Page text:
Sending Duda back to the outfield became a possibility with the Mets’ inability to trade Ike Davis, thereby creating the potential both could be on the Opening Day roster.

While not great, the Mets’ outfield without Duda is better than they had last year with Curtis Granderson, Chris Young, Eric Young and Juan Lagares.

Should Duda become the starting left fielder, Granderson would play right and Chris Young, because of his $7.25 million contract would play center.

That scenario would keep Eric Young’s speed on the bench and decrease Lagares’ playing time. Even should Duda come off the bench as a pinch-hitter, his presence limits their playing time and deprives the Mets of another roster spot.

So this leaves the Mets to choose between Duda’s powers potential, Eric Young’s speed and Lagares’ development.

What having Duda on the 25-man roster, and playing him in the outfield, does more than anything is call into question the sense of signing Chris Young as one less outfielder would make this more practical.

Your comments are greatly appreciated and I will attempt to respond. Follow me on Twitter @jdelcos

Jan 13

Mets Could Have Busy Week With Arbitration Players

The New York Mets have often avoided the arbitration process by settling with their eligible players prior to the deadline, which is Friday.

The Mets have seven such players, one of whom is Ike Davis.

If an agreement isn’t reached by Friday, the team and agent will submit their salary parameters. The arbitrator will then select one of the figures. The arbitrator can’t choose a midpoint figure, or any other number.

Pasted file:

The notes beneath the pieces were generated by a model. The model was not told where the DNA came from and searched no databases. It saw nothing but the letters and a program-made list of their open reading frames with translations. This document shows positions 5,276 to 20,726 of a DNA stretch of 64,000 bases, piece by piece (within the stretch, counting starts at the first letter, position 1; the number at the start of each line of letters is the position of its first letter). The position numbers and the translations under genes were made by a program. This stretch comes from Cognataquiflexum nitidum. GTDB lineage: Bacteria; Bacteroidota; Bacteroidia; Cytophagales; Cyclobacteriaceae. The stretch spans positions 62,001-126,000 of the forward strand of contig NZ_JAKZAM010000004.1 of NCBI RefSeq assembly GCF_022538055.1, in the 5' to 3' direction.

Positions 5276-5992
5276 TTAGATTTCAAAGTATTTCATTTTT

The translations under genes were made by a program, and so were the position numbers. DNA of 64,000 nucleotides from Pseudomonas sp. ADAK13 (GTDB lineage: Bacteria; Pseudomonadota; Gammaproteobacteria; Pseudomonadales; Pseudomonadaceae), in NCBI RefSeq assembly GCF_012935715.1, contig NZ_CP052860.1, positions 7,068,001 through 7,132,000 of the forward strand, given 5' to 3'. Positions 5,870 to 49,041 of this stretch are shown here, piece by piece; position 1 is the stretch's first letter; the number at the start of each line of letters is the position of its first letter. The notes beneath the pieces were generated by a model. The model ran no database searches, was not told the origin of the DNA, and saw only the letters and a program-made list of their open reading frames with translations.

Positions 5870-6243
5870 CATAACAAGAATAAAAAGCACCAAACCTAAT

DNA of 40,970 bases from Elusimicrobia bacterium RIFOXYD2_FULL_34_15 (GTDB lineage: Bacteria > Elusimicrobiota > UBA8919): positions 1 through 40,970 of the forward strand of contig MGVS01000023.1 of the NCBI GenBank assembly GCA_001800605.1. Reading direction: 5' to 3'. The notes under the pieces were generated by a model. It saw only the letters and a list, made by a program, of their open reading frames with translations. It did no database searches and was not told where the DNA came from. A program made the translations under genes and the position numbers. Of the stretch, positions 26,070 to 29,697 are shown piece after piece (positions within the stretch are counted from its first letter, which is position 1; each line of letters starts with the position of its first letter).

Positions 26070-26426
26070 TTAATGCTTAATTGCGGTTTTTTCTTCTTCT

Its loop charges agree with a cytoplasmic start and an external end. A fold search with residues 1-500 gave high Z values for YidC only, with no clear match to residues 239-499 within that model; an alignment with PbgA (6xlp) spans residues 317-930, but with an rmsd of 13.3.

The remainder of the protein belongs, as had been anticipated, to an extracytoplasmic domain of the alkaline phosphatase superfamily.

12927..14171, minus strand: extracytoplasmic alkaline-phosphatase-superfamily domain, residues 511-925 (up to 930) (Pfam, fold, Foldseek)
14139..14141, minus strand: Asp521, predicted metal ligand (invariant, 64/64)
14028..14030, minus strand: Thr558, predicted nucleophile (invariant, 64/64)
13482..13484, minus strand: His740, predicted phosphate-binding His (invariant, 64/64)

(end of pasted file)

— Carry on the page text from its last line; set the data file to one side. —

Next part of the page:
In addition to Davis, Daniel Murphy, Bobby Parnell, Dillon Gee, Eric Young, Lucas Duda and Ruben Tejada, are eligible.

MLB Trade Rumors projected the players will receive the following salaries along with their anticipated 2014 roles:

Murphy ($5.1 million): Contrary to reports following the season, the Mets aren’t going to trade their starting second baseman and their second most productive hitter behind David Wright.

Davis ($3.825 million): What salary Davis is projected to make is not an excessive number, making it viable for the Mets to keep him. It’s no secret the Mets have been trying to trade him all winter. Currently, general manager Sandy Alderson said there’s nothing warm in the trade market.

Parnell ($3.725 million): Underwent neck surgery that resulted in a 30-pound weight loss. Parnell has resumed baseball activities, but that’s not a guarantee he’ll be ready for the start of the season. If Parnell isn’t ready, Vic Black will be the closer.

Gee ($3.55 million): Gee threw 199 innings last year and for the first time in his career enters the season with a spot in the rotation.